The $1.3 billion offer to buy Baltimore-based apartment owner The Town & Country Trust could be topped by a West Coast apartment developer that is proposing paying $36 a share for the company, Town & Country announced yesterday.
Town & Country, which owns apartment complexes throughout the Mid-Atlantic, had announced an agreement in December to be acquired for $33.90 a share by a joint venture of Morgan Stanley Real Estate and Onex Real Estate. But the company disclosed yesterday that it recently received a bid to be purchased by a partnership of Essex Property Trust Inc. and AEW Capital Management LP.
The Essex/AEW bid, which represents a per-share premium of $2.10 over the existing merger agreement or a total of $43.5 million for 20.7 million shares, is preliminary and does not commit the partnership to an acquisition agreement with Town & Country, yesterday's announcement said.
Shares of Town & Country closed at $34.22 Friday, down 8 cents.
Essex, based in Palo Alto, Calif., owns, develops and manages apartment communities in West Coast markets and has ownership interests in 127 multifamily properties with 26,800 units, according to the company's Web site. It has more than 500 units under development.
A spokeswoman for Essex did not return a call yesterday.
Town & Country, a successor to Town & Country Management Corp. was started by Alfred Lerner, a wealthy Cleveland businessman and power in Baltimore banking. It now owns and operates 39 apartment complexes with 13,330 units, including 18 in the Baltimore area. The company employs about 35 people at its Lombard Street headquarters.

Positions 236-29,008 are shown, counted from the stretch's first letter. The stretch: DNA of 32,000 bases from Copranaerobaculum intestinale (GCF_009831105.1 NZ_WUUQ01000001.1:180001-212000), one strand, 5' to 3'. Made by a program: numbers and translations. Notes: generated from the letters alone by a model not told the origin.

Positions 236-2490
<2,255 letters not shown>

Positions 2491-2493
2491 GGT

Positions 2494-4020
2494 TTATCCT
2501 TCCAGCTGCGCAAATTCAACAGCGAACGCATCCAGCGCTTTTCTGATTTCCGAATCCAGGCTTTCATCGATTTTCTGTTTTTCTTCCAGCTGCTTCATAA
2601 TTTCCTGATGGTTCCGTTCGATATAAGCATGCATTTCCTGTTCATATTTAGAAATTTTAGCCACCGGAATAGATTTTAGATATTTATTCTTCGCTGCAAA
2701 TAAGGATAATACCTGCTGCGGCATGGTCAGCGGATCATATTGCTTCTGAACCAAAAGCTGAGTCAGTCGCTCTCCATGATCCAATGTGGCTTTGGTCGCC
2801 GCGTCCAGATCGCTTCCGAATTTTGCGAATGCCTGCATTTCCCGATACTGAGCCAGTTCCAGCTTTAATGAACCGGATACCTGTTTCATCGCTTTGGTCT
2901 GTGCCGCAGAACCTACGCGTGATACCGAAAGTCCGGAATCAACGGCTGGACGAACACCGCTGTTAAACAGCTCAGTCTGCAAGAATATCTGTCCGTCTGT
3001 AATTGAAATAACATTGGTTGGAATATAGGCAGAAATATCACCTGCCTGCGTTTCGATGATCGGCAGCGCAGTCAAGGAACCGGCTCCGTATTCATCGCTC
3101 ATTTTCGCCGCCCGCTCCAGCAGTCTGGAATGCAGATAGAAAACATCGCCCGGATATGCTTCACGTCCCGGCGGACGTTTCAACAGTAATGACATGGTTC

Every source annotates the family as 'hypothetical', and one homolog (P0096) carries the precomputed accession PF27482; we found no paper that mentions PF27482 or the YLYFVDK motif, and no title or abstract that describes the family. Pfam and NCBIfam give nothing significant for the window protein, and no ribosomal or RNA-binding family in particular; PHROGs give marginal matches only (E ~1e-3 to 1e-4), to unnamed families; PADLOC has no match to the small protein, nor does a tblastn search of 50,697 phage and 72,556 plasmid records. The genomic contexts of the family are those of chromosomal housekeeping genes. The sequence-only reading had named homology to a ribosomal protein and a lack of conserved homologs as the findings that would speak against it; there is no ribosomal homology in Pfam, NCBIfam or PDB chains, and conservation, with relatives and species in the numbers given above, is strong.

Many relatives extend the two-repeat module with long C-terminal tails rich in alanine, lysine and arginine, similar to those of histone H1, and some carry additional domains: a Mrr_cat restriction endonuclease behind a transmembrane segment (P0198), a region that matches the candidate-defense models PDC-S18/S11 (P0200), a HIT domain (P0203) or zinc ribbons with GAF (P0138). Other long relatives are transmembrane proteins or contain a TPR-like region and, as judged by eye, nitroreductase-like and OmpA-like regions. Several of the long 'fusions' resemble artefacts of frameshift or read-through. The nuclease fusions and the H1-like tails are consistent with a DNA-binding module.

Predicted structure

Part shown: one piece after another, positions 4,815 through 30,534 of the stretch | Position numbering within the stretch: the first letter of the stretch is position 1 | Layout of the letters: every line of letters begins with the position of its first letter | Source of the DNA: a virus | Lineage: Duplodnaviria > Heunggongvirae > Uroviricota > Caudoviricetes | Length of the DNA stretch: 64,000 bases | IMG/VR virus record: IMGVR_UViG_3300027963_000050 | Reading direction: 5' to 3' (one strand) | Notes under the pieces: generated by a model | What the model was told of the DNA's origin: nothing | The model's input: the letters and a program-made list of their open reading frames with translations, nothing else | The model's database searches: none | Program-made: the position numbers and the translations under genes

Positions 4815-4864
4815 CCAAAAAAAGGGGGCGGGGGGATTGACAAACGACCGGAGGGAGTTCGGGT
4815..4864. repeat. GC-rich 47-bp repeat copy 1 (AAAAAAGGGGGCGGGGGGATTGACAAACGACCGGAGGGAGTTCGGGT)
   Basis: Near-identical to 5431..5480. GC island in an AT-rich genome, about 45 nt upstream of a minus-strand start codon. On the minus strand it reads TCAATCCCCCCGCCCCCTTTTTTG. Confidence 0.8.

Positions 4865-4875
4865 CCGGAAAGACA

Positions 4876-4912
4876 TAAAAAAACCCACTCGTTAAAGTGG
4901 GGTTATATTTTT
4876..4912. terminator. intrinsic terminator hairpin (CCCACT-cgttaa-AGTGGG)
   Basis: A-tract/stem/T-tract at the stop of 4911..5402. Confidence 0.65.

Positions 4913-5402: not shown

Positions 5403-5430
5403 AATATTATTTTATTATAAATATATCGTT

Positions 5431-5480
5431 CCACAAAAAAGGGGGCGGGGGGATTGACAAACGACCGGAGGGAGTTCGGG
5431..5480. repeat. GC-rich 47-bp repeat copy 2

Harvey Schulweis, chairman and chief executive of Town & Country, could not be reached yesterday.
After announcing the existing merger agreement, he had said that the company decided to sell because the offer was too attractive to pass up.
Spokesmen for Morgan Stanley and Onex, a Canadian company with operating companies in the service, manufacturing and technology industries, did not return phone calls yesterday.
Town & Country's board of trustees already has approved the sale to Morgan Stanley and Onex. In addition, entities with 9 percent of the outstanding shares and 96 percent of the outstanding limited partnership units have pledged to vote for the sale. That includes groups controlled by the family of founder Lerner, who was chairman until his death in 2002, company executive officers and directors.
Yesterday's announcement said the trustees continue to recommend the existing agreement with Morgan Stanley and Onex, which has the right to match any third-party bid before the board can change its recommendation.
The disclosure also said the board had provided nonpublic information to the latest bidders, as required by the existing merger agreement.
The Baltimore real estate investment trust said it plans to disclose additional details of the Essex/AEW proposal as part of a filing today with the Securities and Exchange Commission.
The SEC filing, a definitive proxy statement, will outline the merger agreement with Morgan Stanley and Onex. That cash agreement includes the assumption of debt.
The sale is subject to approval by two-thirds of Town & Country's common shareholders, who are scheduled to vote March 9 in New York.
The keen interest in Town & Country's apartments reflects investors' voracious appetite for owning multifamily properties and the strong demand for entry-level housing, one real estate analyst said yesterday.
"There's a perception of a need for entry-level residential housing, and that perception creates a feeling that the residential real estate market is more stable over the long term than other real estate sectors," said Richard Anderson, a senior real estate analyst at Harris Nesbitt in New York. "People need a roof over their heads. There's always a need for places for people to live."